A cold-hardy asparagus that maintains tip tightness as it grows. Since Millennium is well-adapted to various soil types, including heavier soils, growers can utilize land previously unsuitable for asparagus production. Higher yielding than Jersey Supreme, and over a longer period, with more fern vigor and survival, the same spear size and spring emergence, and a higher proportion of male plants; (male plants are more productive for spears, while female plants drop seeds, overcrowding the bed and causing smaller spears, weed issues, and increased asparagus beetle and disease pressure). Bred by the University of Guelph in Ontario, Canada, Millennium is becoming the new industry standard for asparagus production. Intermediate resistance to rust. Perennial. Crowns also available. Avg. 15,000 seeds/lb. Packet: 30 seeds.
SCIENTIFIC NAME: Asparagus officinalis CULTURE: Asparagus is a long-lived perennial vegetable crop. With proper site selection, preparation, and care, it can thrive for 15 years or more. Asparagus prefers well-drained, fertile soil with a pH of 7.0 in full sun or part shade. Soil testing and bed preparation should be completed in the season prior to planting. May not perform well in warmer areas such as TX, MS, GA, LA, AL, or FL, as it may not become dormant, which is needed to prevent frost/freeze damage to crowns in winter months. GROWING FROM SEEDS: Sow seeds indoors 12–14 weeks before desired transplant date. Sow 1 seed per 2" cell, ½–¾" deep. Germinate at 75–80°F (23–27°C) day, 65°F (18°C) night. Fertilize moderately as needed. After last frost, plant seedlings similarly to crowns, but use W-shaped furrow. Plant the seedlings in the middle of the W to ensure better drainage. Gradually fill in furrow as plants grow, being careful not to bury any small ferns. PLANTING CROWNS: Crowns can be planted about 3–4 weeks prior to last average frost date. In a furrow 5–8" deep (shallower for heavy soils), 12" wide, place crowns with buds up and roots spread out. Space green varieties 8–14" apart in-row and purple varieties 6–8" apart in-row; closer spacing of purple asparagus creates more slender spears. Allow 3–6' between rows. Cover crowns with 2–3" of soil at planting. As spears grow, gradually fill in furrow. Use caution when cultivating to avoid damaging crowns. Keep bed free of weeds (straw or leaf mulch works well) and irrigate regularly during establishment. Allow "ferns" to grow — do not cut until they senesce in the fall. Add compost or aged manure to the beds each fall or early spring. HARVEST: One year after planting, beds can be harvested in spring for 7–10 days; 2 years after planting for 2–3 weeks, and up to 6 weeks in the third year. Marketable spears are approximately 7" in length and pencil-size or larger in diameter. Harvest by bending spears over until they snap, or cut just below soil surface. Cease harvesting when spears are less than pencil-size. Store harvested spears upright at 36°F (2°C) and 95–100% relative humidity for up to 2 weeks. SEED SPECS: SEEDS/LB.: Avg. 16,000. PACKET: 30 seeds, sows approx. 25' depending on spacing. MINI: 10 seeds.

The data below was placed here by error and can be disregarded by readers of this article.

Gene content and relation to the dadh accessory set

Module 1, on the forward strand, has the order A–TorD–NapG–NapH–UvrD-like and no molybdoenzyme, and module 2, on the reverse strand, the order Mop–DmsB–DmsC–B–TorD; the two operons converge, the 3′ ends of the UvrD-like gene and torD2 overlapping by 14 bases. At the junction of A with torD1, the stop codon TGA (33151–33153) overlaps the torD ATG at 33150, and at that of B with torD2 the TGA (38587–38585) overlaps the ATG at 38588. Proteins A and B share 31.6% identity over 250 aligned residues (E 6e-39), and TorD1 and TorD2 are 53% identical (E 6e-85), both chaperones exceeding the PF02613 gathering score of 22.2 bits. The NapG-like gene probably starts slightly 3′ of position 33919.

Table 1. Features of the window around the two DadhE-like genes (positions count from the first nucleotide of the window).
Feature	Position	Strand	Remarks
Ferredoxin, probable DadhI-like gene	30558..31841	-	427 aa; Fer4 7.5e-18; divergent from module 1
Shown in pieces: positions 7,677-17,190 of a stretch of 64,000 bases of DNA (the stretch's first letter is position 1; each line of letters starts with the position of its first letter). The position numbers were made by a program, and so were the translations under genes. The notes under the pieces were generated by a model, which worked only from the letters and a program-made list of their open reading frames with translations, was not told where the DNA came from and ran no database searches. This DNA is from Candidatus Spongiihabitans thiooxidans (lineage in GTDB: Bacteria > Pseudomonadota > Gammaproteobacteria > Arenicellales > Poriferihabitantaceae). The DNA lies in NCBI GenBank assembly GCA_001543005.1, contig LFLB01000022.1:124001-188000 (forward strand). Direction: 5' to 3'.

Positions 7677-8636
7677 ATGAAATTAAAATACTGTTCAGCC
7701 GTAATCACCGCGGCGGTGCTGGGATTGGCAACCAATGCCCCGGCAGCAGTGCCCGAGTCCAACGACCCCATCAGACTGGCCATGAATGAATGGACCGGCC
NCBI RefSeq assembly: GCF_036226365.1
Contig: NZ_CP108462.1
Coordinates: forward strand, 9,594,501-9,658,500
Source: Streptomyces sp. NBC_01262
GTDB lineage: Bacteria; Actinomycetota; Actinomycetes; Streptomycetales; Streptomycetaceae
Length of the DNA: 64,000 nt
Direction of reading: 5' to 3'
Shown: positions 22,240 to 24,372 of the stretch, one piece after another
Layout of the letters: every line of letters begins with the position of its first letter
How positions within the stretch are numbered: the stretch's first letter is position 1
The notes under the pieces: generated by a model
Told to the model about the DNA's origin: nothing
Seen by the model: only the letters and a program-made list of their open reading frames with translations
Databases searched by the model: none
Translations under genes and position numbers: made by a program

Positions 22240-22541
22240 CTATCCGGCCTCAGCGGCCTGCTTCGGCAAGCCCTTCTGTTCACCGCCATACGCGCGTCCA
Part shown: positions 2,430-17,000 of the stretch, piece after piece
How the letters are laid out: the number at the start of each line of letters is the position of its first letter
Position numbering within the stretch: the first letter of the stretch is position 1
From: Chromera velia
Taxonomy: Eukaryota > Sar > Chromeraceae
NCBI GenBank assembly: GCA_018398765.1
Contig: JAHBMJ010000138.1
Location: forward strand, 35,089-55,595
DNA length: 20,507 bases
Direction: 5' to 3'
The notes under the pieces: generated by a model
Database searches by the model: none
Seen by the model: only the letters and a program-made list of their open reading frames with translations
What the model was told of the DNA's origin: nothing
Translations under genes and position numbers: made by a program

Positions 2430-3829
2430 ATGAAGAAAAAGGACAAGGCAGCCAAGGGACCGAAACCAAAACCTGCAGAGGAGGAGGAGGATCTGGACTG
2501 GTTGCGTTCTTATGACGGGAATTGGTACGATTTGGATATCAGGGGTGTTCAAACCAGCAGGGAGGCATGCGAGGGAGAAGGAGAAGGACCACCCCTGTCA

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Days To Maturity
Average number of days from seeding date to harvest, within a specific crop group. If a transplanted crop: average number of days from transplant date. Not sure if crop is direct-seeded or transplanted? Check the Growing Information box for details. If crop can be both direct-seeded or transplanted, days to maturity refers to direct seeding. Days to maturity for all flowers and herbs is calculated from seeding date.
Standard harvest begins third year after planting
Plants can be Annuals (single growing season), Perennials (grow year after year), Tender Perennials (grow year after year in warmer climates; and in some cases when given special protection in colder climates), or Biennials (require two years to mature).
Disease Resistance Codes
Hybrid: The offspring of a cross between two or more distinct parent lines, usually of same species, and selected for improved traits. Open-pollinated: A non-hybrid variety that can reproduce itself in kind, demonstrating relatively stable traits from one generation to the next.